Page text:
NYS Adopts Sick Leave Rules & Leave Many Employers with Questions

New York State has adopted Sick Leave requirements for employers to follow under NY Labor Law § 196-b. With the new rule having become effective on 12/22/21, employers and their HR teams need to get up to speed quickly. 


The new rule requires employers of 3 different categorical sizes to provide a minimum number of paid sick leave hours for employees depending on the size of the employer and its net income. 


The rule does the following:

  • Establishes standards of how employees shall accrue sick leave at a rate of no less than 1 hour per every 30 hours worked; 
  • Protects employees from having to disclose confidential health information to employers as a condition to taking sick leave; 
  • Sets up conditions for employees carrying over unused sick leave over to the following calendar year; 
  • Creates protections to prevent employers from retaliating/discriminating against employees for exercising his/her sick leave rights; 
  • Requires employers to provide written records of sick leave accrual upon employee request; 
  • Requires that employees returning from sick leave be restored to their position prior to the sick leave with the same pay & other terms / conditions of employment; & 
  • Allows for collective bargaining agreements to be entered into that provides for paid sick leave. 


Before the rule became effective, employers commented and expressed their concerns, under the regulatory process, and the government's responses have clarified the following facts:

  • Newer employees will abuse sick leave because the rules allow employees to immediately use sick leave upon accrual;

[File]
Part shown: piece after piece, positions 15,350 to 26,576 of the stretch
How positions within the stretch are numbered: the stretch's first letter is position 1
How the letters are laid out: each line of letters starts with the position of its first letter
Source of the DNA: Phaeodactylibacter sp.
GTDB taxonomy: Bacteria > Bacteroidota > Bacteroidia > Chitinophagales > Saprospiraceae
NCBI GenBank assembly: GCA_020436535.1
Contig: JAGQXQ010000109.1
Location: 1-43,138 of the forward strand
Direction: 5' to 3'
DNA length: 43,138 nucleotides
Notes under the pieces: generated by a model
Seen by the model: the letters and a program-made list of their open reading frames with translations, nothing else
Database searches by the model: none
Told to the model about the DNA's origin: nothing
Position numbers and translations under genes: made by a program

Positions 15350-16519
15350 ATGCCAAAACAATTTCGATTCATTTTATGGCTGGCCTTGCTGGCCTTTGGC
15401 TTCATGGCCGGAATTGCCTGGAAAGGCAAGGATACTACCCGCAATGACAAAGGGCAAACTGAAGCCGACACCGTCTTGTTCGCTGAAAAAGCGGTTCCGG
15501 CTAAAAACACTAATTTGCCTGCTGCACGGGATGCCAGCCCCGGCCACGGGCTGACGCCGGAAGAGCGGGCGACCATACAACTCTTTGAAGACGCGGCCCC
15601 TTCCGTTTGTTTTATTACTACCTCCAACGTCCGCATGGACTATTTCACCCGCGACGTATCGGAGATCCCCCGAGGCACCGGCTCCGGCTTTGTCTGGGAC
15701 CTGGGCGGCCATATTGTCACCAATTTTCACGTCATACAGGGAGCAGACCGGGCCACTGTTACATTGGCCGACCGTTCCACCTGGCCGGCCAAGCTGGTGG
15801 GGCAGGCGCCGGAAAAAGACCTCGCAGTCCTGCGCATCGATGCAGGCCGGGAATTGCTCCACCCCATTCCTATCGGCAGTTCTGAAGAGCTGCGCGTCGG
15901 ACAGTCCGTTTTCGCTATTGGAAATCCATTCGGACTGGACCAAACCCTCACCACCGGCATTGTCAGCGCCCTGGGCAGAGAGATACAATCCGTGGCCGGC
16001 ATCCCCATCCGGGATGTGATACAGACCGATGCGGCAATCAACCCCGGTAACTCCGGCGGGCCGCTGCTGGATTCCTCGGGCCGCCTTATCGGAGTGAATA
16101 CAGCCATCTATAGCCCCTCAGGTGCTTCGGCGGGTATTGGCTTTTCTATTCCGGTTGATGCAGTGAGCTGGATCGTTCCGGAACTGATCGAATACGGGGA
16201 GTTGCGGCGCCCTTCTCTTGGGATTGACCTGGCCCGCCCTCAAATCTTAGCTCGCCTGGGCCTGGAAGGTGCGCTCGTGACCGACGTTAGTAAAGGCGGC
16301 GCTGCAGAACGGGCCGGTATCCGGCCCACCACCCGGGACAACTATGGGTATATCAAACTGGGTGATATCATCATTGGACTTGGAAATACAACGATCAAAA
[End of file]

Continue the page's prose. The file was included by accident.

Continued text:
• Carrying over unused sick leave days to following years is problematic (per DOL, employers may either: (1) give employees the option to voluntarily elect to use & receive payment for paid sick leave prior to the end of a calendar year or carry over unused sick leave; or (2) only allow employees to carry over unused sick leave);
  • Conflicts can arise between sick leave requirements and other leave policies if not clarified in the employer's policy manual;
  • Employee abuse systems need to be in place within an employer's policy manual or issues will arise; and
  • Collective bargaining agreements need to be addressed to comply with the new rule.


This new sick leave rule will continue to raise concerns by employers and employees, but proactive employees with great policy manuals / collective bargaining agreements, which have been updated to reflect the new rule will win the day. Otherwise, there are going to be a lot of discrimination and retaliation claims when sick leave issues arise. 


Monday, December 27, 2021

Restaurants Now Potentially Negligent for Grease Traps' Design & Warning Sign Defects

A new NYS law requires all food service establishments with a grease trap / interceptor to ensure that it's designed to withstand expected loads & prevent unauthorized access. This law is effective 1/10/2022. 


The law also calls for the State Fire Prevention & Building Code Counsel to create regulations about warnings / design requirements for grease traps.


Beyond providing for local governments to adopt local laws to enforce this new law, it definitely establishes exposure to restaurants for personal injuries. Restaurateurs and landlords should ensure compliance and modify their leases to establish who is responsible for compliance.